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Vacuuming yeast out of the fermenter vs conical removal.

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brewman !

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Has anyone used a small vacuum pump to vacuum yeast out of a fermenter to harvest it or instead of racking it ?



If one can ferment wort without racking in a conical fermenter, why can't one vacuum the yeast from the bottom of a fermenter instead of racking ?

Of course it would help if the bottom of the vessel was conical so as to concentrate the yeast deeper in a smaller area. It would be easier to vacuum then.

?????
 

JJL

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I can think of 2 obstacles. Contamination and oxidation. But, if you can minimize these, I suppose you could do it.
 
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brewman !

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I can think of 2 obstacles. Contamination and oxidation. But, if you can minimize these, I suppose you could do it.
Lets say you stuck a sterilized racking tube into the fermenter vacuum out the yeast. Lets say there is a valve on the racking tube so that you can adjust the flow.

How would the racking tube contaminate the green beer ?

How does oxidation enter into the equation ? With a conical fermenter, when you drop yeast out the bottom, air enters the head space above the beer. The same would happen when you vacuum out yeast.

I think there would be way less oxidation with a conical or vacuming versus racking it.

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JJL

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I guess I don't get what you are going for here. Are you talking about trying to suction yeast from the bottom of the fermenter while the beer is still sitting on it? It would seem like that would be difficult without sucking a lot of beer with it or stirring up the yeast cake.
 
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brewman !

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I guess I don't get what you are going for here. Are you talking about trying to suction yeast from the bottom of the fermenter while the beer is still sitting on it?
Yes.

It would seem like that would be difficult without sucking a lot of beer with it or stirring up the yeast cake.
Why does it work to drain yeast out the bottom of a conical and not vacuum it up from the bottom ?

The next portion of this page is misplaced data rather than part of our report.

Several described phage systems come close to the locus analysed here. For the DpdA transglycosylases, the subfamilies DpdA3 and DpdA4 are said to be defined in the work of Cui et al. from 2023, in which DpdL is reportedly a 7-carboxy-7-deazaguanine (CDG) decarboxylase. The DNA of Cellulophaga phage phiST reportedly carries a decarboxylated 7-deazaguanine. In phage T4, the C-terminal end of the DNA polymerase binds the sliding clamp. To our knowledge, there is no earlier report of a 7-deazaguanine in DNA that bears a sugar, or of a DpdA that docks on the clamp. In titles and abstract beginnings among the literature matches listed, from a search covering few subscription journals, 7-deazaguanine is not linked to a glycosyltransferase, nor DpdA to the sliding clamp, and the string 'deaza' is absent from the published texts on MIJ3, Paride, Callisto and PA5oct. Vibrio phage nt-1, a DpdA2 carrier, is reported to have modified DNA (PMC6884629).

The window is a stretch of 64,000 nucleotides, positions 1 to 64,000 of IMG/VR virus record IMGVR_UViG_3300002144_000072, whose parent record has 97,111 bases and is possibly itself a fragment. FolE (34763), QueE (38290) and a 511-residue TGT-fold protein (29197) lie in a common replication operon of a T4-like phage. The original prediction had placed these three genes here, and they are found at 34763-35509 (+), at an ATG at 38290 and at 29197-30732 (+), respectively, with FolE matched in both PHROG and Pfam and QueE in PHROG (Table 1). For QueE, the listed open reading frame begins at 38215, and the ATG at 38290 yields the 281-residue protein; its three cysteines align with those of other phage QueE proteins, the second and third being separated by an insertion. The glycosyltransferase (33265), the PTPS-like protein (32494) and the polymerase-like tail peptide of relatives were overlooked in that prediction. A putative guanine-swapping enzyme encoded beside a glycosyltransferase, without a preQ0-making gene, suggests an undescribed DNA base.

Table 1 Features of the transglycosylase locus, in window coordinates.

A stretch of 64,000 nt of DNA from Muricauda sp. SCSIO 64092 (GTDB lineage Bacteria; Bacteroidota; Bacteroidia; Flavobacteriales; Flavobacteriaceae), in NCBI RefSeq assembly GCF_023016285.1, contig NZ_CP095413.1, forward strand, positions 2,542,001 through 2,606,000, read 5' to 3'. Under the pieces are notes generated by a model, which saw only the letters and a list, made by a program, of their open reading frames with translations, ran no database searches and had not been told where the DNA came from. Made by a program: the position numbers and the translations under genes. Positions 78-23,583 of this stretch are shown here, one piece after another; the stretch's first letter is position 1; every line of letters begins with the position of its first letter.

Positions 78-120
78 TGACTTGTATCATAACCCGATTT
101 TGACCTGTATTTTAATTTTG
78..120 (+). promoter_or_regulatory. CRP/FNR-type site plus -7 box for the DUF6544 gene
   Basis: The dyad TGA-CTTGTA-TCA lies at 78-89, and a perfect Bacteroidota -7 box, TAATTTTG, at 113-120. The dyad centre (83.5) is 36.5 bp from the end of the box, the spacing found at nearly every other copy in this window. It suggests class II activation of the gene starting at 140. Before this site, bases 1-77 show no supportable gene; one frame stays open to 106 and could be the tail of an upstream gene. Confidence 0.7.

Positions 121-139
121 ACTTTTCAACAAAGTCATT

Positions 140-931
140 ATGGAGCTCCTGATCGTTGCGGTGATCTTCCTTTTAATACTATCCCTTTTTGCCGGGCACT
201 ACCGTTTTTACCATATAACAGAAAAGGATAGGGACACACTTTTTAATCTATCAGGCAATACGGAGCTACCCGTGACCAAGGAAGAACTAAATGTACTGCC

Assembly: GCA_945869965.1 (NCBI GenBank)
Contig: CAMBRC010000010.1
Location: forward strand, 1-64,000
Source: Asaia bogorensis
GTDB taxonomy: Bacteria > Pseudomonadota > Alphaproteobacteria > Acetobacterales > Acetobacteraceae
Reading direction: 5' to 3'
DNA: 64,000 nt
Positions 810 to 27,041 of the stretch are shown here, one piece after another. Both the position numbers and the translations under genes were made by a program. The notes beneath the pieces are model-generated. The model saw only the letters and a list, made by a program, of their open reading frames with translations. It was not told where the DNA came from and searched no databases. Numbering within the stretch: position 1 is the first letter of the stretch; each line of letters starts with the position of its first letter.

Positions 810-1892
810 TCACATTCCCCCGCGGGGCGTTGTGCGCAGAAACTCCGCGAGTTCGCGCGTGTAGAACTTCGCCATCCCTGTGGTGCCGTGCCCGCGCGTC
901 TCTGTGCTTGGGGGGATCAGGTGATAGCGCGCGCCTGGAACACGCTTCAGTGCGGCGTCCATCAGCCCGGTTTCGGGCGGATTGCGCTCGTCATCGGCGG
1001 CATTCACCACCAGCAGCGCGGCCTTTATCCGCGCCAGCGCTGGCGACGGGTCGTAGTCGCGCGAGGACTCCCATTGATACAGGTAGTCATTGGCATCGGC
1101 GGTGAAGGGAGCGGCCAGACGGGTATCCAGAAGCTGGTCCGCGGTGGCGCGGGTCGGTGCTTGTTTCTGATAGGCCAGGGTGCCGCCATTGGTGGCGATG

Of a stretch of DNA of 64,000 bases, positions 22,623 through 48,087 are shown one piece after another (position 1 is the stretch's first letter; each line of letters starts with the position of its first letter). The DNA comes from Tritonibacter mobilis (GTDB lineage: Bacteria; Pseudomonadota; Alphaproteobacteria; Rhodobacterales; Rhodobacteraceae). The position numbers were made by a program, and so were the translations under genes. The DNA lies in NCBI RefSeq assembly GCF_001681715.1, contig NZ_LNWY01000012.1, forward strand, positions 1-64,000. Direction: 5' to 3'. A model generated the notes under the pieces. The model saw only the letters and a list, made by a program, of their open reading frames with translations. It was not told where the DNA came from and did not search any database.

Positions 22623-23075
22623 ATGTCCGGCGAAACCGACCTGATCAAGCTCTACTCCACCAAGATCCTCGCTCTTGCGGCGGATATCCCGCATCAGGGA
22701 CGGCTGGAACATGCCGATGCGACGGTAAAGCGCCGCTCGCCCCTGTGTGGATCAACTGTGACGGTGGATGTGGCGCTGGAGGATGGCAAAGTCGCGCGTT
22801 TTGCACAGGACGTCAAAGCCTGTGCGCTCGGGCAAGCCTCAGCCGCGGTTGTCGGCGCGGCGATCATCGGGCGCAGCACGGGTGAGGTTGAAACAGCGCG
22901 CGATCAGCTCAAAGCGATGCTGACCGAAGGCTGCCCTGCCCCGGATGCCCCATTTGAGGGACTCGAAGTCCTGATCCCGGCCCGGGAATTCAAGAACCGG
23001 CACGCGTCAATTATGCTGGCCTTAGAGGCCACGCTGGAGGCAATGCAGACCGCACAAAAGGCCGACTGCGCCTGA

How much beer you lost would depend on a number of factors.

Furthermore, the yeast + beer vacuumed from the fermenter could be captured in a sterile vessel and left to sit overnight, whereby the excess beer could be poured back into the fermenter.

?????
 

weirdboy

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Why not just scoop the yeast up in a mason jar, or if you are using a carboy, rack it off using a racking cane? I don't see the point of investing in a pump like that just for that purpose.
 
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brewman !

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Why not just scoop the yeast up in a mason jar, or if you are using a carboy, rack it off using a racking cane? I don't see the point of investing in a pump like that just for that purpose.
The pump isn't just for that purpose. I am also going to use it to "pull" beer from keg to keg or from fermenter to keg when I need to move it through a filter.

If I am not using a filter, once the vacuum pump has started a siphon, I can open the recipient keg lid and let gravity do the work.

I know about using CO2 to push beer though filters. Its a bit wasteful to fill a keg with 8 PSI of CO2 so that you can filter the beer. And not all conicals will withstand the pressure to filter beer.

A brand new pump like that is $75 on Amazon and easier to set up than a CO2 cylinder.

It will work from fermenter to keg, whether the fermenter is an open bucket or a conical that isn't made to take much pressure.

Theoretically, if you had a low pressure conical fermenter you could ferment and dump the yeast out the bottom and then filter the beer into a keg using the vacuum pump to pull it. That is a 1 transfer process to from pitching the wort to drinking filtered beer. Very little chance of oxidation and not much manpower either.
 

JJL

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My guess is that as soon as your racking cane hits the yeast cake, it's going to stir up yeast no matter how careful you are. At that point, the yeast you've disturbed will be replaced by beer. So now you're sucking beer and yeast. But, regardless, yes you could probably do this and yes you could probably do it in a sanitary way. And yes you could probably capture the leftover beer and pour it back in, etc. But, I'm with Weirdboy, what's the advantage.

Not trying to discourage you. Try it out. See if it works. If it's a plausible solution for your individual brewing setup, by all means use it.
 
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brewman !

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Well it sounds like you already sold yourself on this idea. I am not sure what you want out of this thread other than a pat on the back.
I was just wondering if anyone else had done it before, thus the question